Step One: Developing, Testing, Using, and Understanding the Container

Additional Container Resources:

Clients Who Struggle to Visualize in EMDR Therapy and Flash Therapy
The Catcher’s Mitt Metaphor in Flash Therapy

Extended Step One Script: Develop a Container (Client Can Reuse Between Memories and Sessions) 

If Flash is a way to process traumatic information without distress, but there is distress in traumatic information, it is helpful to have a place for the distress to go that is external to the client’s nervous system.  This may sound bizarre, to separate activation from distress, but that’s what makes Flash effective.  If the distress and the calm scene are both in awareness, Flash will not work, or will work at a crawl and leave substantial debris.

The container in EMDR Therapy and Flash therapy have similarities and differences.  They are similar in that both are boxes that hold difficult stuff.  In EMDR Therapy, we may scoop residual distress up once at the end of a session, see it go into the container, close the door, and leave it there.  In this version of Flash, the container will be used every time we quickly check the memory and all distress will be routed directly into the container, much like a hot potato might be tossed into a casserole dish.  Since we may be checking the memory 30-45 times in an average Flash session, we need a new and empty container to come each time (we’ll talk about why in Step Five).  Note that we are working on the memory only one microslice of it at a time.  The whole memory is not containered, only the right now microslice.  They’re not telling you what they are containering, but if they did, it would be something like: “It’s the way he’s looking at me.”  “The feeling when he says a particular word.”  It is a single frame of the video that gets containered.  If the client plays the video, they have played too much.  If they are telling you what they are containering, they are activating too much. In Flash, the memory is purposefully pushed out of awareness, because all of awareness is needed for the calm scene.  And this all happens quickly, like handling a hot potato.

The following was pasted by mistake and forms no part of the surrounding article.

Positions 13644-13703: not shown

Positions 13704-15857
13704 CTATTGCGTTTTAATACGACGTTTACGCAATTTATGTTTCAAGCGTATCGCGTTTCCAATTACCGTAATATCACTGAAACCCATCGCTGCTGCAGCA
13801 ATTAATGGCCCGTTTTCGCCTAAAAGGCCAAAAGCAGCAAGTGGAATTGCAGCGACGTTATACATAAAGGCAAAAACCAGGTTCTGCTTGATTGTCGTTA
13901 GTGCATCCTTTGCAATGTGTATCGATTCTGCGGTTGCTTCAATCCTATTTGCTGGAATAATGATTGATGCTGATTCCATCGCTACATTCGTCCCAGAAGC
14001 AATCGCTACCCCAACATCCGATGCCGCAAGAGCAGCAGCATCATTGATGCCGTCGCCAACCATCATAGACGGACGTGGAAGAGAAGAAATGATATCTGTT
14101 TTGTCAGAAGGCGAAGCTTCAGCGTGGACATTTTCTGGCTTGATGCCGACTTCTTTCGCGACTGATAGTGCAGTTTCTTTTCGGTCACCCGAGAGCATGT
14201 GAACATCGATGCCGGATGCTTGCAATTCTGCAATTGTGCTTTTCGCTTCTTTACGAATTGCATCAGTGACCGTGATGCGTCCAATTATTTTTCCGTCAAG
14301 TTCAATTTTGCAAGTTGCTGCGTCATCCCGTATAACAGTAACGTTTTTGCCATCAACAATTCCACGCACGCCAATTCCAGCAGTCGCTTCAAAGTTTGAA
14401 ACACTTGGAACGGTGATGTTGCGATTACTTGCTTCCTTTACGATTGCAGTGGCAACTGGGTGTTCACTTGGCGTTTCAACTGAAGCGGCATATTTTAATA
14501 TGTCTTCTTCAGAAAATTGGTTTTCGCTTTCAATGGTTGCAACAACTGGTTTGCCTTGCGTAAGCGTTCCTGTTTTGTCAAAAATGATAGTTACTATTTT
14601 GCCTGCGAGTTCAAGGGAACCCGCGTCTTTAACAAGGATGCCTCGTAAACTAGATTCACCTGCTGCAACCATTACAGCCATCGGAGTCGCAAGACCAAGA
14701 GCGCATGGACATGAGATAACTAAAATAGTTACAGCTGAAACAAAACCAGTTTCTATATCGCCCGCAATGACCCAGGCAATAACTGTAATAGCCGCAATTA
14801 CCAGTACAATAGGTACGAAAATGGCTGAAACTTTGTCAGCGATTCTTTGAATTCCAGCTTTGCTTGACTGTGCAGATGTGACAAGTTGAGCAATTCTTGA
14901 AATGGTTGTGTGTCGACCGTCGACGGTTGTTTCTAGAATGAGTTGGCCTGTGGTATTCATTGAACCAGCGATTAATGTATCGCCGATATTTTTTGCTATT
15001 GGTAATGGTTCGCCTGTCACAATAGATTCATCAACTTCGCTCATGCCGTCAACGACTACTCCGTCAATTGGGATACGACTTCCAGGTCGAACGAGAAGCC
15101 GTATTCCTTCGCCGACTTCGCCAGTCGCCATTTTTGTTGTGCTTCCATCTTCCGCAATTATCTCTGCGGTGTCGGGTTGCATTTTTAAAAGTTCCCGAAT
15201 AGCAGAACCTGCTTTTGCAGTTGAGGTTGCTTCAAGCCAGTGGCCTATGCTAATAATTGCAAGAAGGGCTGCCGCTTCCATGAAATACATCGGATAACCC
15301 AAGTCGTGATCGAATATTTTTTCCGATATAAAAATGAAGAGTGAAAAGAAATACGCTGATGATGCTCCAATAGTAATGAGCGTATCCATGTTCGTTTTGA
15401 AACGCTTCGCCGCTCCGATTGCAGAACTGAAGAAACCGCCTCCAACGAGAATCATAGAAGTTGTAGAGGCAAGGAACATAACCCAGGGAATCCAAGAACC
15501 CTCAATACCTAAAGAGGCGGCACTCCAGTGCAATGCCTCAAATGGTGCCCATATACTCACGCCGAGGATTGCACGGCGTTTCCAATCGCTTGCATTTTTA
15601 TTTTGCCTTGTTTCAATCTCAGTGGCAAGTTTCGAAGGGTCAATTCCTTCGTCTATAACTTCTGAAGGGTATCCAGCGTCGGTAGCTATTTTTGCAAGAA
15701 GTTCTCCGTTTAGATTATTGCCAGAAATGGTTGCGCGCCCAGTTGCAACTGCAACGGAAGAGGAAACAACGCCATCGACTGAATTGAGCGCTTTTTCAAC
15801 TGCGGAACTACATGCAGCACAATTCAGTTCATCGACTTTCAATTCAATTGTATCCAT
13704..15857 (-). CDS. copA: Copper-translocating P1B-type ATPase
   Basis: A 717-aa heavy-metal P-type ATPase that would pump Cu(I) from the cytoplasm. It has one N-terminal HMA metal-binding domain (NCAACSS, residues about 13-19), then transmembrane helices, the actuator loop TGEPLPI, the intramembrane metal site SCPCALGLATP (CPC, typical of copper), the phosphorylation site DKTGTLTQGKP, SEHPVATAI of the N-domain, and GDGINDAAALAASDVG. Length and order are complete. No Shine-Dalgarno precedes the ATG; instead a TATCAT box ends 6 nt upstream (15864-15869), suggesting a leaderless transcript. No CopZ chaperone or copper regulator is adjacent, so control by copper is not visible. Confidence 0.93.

The container can be a file folder, a box, a book, a chest, ceramic pots, or anything that works for the client.  The container is then “pushed or sent” far away from the client (ideally hundreds of miles away) to help get it out of direct focus and awareness.  In Step One, we develop the container that we will use over and over.

 It is helpful to confirm that the container works by imagining putting something neutral in it when you are developing it, like an imaginary business card.  This allows us to test and troubleshoot the container safely.   “See the business card go in the container… does it feel like the business card is in the container?  Yes.  Imagine the container going far away until it is just a tiny dot on the horizon.

Let the client know that our goal is to process this memory with virtually no distress and that all distress will be immediately routed to the container.

Script: We are going to work one memory at a time and we are going to do this by not thinking about it or feeling anything about it.  We want to develop a container or a box that will hold whatever small parts of the memory we activate and keep it out of direct awareness.  What kind of container might be helpful?  It can be a file box, a safe, pottery with a lid, or anything that is able to hold something for just a little while.

Ask the client visualize to container… What color is it? What is it made of?  How does it close?

Can you imagine a blank skip of paper or a business card going into this container?  [pause] Can you see the container close?  [pause] Can you imagine pushing that container far away until it is just a tiny speck in the sky?  Does it feel like that container and its contents are far enough away for it to be out of your focus for just right now?  

Parts Language: Does this container work for all parts of you?  Are there parts of you that may need a different type of container or need to make modifications to this one?

The vast majority of clients are able to visualize a container.  If the client struggles to visualize, see the Four Blinks podcast episodes about problems visualizing for ways to outsource the visualization component of the container.
You can always use an actual container that is in the therapy office or in the client’s room through telehealth.

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